- Scandinavia may get above-average temperatures next month
- Power prices trade at lowest for season in more than 8 years
A hot start for summer in west Europe is on hold as temperatures for the first month of the season are forecast to stick to seasonal averages.
June weather will be in line with or slightly above normal levels in west Europe, according to five of eight forecasters surveyed by Bloomberg News, while five said the Nordic region will get warmer-than-average weather. Temperatures in May were near normal in the west, while central and eastern areas ended above average, AccuWeather Inc. data show.
“The start of June will be on the cooler side for western Europe, mainly in eastern U.K. into France,” Tyler Roys, a meteorologist at AccuWeather in State College, Pennsylvania, said by e-mail. “It will be quite warm for Scandinavia.”
The meteorological summer starts in June when warmer weather and longer daylight hours typically cut demand for gas and electricity, while increased supply from solar generation puts further pressure on prices. Month-ahead power prices in Germany, France and the U.K. are trading at the lowest for the time of year since at least 2007 when Bloomberg began tracking the data.
June will be 1 degree Celsius (1.8 degree Fahrenheit) above average in central and east Europe next month, according to Joe D’Aleo, the chief meteorologist at Weatherbell Analytics LLC. Whatever heat there is won’t be dry, with “generous showers” forecast from France and across southern Germany to eastern Europe, he said.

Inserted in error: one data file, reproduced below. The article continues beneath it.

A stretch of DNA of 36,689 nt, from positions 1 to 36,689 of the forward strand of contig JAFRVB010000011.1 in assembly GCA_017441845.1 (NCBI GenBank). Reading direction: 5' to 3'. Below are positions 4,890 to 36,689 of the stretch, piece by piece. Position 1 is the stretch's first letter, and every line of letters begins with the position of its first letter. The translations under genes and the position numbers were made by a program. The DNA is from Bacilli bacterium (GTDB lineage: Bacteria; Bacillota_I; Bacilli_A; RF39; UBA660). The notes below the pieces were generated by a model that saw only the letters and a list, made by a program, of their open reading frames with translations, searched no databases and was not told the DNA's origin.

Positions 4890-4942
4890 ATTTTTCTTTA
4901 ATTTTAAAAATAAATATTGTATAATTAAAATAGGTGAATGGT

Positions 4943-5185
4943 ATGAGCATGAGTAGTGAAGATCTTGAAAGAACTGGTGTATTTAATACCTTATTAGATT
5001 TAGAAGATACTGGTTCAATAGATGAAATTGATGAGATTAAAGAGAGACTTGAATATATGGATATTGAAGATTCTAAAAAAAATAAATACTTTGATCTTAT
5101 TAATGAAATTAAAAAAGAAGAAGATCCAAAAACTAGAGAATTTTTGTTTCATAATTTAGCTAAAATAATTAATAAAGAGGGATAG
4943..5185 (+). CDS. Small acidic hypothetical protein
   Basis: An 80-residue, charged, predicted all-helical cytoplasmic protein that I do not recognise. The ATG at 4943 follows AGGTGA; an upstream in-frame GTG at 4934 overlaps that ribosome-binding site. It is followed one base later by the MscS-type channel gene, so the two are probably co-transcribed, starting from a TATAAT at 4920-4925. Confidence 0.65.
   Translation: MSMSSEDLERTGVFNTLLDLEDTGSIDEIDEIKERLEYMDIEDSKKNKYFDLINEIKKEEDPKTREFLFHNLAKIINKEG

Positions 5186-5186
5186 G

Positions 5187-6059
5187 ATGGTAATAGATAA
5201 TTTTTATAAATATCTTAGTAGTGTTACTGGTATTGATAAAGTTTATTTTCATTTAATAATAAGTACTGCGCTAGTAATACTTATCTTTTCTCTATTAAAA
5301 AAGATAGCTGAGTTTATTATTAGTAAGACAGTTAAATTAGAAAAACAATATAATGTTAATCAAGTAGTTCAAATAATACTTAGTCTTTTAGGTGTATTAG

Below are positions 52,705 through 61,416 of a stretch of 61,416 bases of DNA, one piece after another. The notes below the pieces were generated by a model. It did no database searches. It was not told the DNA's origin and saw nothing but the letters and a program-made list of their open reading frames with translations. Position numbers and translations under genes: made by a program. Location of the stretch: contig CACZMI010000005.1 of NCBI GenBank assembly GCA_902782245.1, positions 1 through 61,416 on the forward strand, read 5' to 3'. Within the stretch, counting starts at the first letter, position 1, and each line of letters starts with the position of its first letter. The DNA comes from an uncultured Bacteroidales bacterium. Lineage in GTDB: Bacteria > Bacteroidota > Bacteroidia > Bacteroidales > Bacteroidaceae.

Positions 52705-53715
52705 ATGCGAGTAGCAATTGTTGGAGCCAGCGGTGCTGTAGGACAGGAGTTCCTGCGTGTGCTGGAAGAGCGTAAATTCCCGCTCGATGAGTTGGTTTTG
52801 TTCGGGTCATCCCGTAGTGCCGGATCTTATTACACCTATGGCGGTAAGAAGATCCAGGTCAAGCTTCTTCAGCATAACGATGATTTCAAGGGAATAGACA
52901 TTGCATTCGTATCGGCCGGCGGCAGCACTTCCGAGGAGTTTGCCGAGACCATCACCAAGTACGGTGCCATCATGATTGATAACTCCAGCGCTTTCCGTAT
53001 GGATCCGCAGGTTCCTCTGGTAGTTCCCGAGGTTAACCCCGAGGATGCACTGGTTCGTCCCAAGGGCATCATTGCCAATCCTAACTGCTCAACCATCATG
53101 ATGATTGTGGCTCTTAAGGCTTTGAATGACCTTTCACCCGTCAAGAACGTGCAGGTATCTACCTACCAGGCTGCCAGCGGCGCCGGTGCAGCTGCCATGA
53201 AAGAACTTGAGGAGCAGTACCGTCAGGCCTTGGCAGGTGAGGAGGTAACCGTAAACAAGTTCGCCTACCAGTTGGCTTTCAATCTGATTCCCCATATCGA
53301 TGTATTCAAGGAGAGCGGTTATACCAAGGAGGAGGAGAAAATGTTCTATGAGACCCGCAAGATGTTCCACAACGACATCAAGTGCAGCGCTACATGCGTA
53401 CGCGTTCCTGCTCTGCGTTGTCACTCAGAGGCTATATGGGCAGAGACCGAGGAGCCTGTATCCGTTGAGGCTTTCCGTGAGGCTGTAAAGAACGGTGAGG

There may be a warm spell early next week for central and west Europe, while temperatures in Scandinavia may rise as much as 6 degrees Celsius above normal, according to MeteoGroup U.K. Ltd. That would boost gas demand for power generation as people switch on fans and cooling equipment, Moses Rahnama, an analyst at Energy Aspects Ltd. in London, said by e-mail. Gas consumption in the U.K. in May was in line with the previous year, he said.
Temperatures in the Nordic region are forecast to average 14.6 degrees Celsius next week, or 0.9 degree higher than the 10-year average, according to Weather Co. data using the Global Forecast System, or GFS, model. Northwest Europe is expected to be 2.2 degrees above the 10-year average next week, the data show.
Solar generation in Germany is predicted to peak at 19.9 gigawatts on June 8, which compares with a record 26.8 gigawatts on May 8, according to data from Bloomberg and the European Energy Exchange AG.
Forecasters at Marex Spectron Group Ltd. and MDA Information Systems LLC expect July to be near seasonal norms for western Europe, with warmer-than-average conditions in the east. Further ahead, the U.K. will be colder than usual through August, according to The Weather Co.